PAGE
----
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limits their number and extent, which for this estimate I will confine to one for each six miles of the canal; the length of the waste to be equal to the width of the water surface in the canal opposite to it.

Generally, ridges or elevations of ground through which the canal passes may with advantage be selected as the sites of the wastes. For safety in the estimates they will be calculated at the cost of placing them on banks twelve feet high.

These overfalls will not be required until the demand for water causes the full depth of two feet to be run in the canal. Time will therefore be allowed to collect the materials for their construction and for its transportation upon the canal at the lowest rates.

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Ways of passing over the canal must be provided. They are not a part of the canal, but are rendered necessary by it. The more numerous they may be, the greater will be the convenience to the public. But the cost of their maintenance, as well as the interest upon the cost of construction, must be paid in the rates of tolls and water rents by the people who employ the canal. The convenience of numerous bridges will, therefore, he weighed with the cost to themselves, until the wealth and population of the country will distribute the expense amongst a great number. At present, I estimate one for each six miles in length of the canal.

To establish and maintain a ferry where the travel is great or the canal narrow, will cost more than the interest upon the cost of construction and the wear and tear of a bridge. Where the canal is very wide, the population scanty, and the passing unfrequent, a ferry may serve for a time. I have, however, thought it best to estimate bridges of cheap construction, and admitting of repair and renewal without interruption to the use of the canal.

To allow free passage to boats plying upon the canal there should be a space of twelve feet between the surface of the highest water in the canal and the bottom of the bridge. They must, therefore, be twentytwo feet bigh, and the earth approaches to them must rise to the same elevation.

The team towing the boat must pass under the same span of the bridge with the boat. This requires that the towing path, and a width of the canal sufficient for the passage of a loaded boat, with the minimum depth of five feet of water in the canal, be embraced in a space larger than is necessary for other spans of the bridge. By means of a wall, a track for the team is made to occupy a part of the slope of the bank under the bridge, and the top of the bank of tbe canal is occupied by the slope of the earth approaches, and by a bent, upon which one end of the long span rests. On account of the great size of agricultural implements used in the valley, and the great weight moved by wagons, the bridge must be of greater width and strength than is usual upon ordi- .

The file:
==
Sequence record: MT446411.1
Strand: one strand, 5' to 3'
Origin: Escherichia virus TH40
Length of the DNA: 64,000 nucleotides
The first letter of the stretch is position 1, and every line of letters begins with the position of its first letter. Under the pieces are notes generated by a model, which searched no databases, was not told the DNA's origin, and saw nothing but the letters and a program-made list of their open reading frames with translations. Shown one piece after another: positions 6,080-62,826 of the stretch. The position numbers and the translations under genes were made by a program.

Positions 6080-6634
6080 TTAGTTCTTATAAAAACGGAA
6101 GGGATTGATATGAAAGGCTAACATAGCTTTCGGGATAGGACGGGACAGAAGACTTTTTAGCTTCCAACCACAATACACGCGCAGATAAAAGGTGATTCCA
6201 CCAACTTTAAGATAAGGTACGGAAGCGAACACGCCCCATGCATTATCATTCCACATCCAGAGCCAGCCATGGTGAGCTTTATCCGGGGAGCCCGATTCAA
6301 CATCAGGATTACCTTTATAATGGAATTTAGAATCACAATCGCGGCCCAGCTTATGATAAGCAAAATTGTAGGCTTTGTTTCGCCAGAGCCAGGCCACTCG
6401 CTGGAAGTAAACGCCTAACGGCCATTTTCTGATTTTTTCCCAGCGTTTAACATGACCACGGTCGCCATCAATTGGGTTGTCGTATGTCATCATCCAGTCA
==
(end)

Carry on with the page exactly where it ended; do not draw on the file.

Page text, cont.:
nary roads.

11. Branch Canal from Station No. 341, on the forty-fourth mile to Sacra

mento River, and along the river to the head of Sycamore Slough.

At the time of making the survey in the field, this auxiliary was not thought of, and was not surveyed. It was afterwards adopted in the office, as a means of reducing the width of the main trunk of the canal, in the side hill work in Colusa County, and its capacity by a quantity equal to that of the branch. Three lines of levels across the country enable me to make an approximate estimate of the quantity of land irrigable from it, of the grade required, and of its size and cost. It will be a canal of the cheapest kind, of only two and a half feet maximum depth of water, made in part within, and in part above the ground, by an excavation scraped into banks rising one foot above the water line. It will be fordable at any point, but seven fords covered with stone, and as many bridges for footmen are estimated. No culverts will be needed. Sluices for the distribution of water for irrigation will be small, and of wood; made of the proper size and adjusted to the proper level, they will require no attention except for occasional repairs.

The construction of this branch may be made in such manner as to prevent overflow from the river of lands between the point of its intersection with it and and the head of Sycamore Slough. A few miles of canal inland of the branch, and west from Colusa, will relieve and drain a large scope of flat country at present occasionally overflowed by drainage from the foot-hills. The overflowed area has an average fall of three and a half feet to the mile.

12. Right of way- Acquisition of lands.

At and near the head of the canal there may be a small area of land which will sustain more damage than benefit from the canal, for which compensation in money would be required. But along the route the advantages to the lands resulting from the canal will be so great that nothing more than the marketable value of the land taken would be awarded to the owner, if demanded by him. A large proportion of the lands upon the route are uncultivated and unfenced, and of a part tho title is in the Federal Government, which is liberal in donations for such purposes. Making special allowance for the damage at the head, I estimated the average price of other lands at two dollars per acre.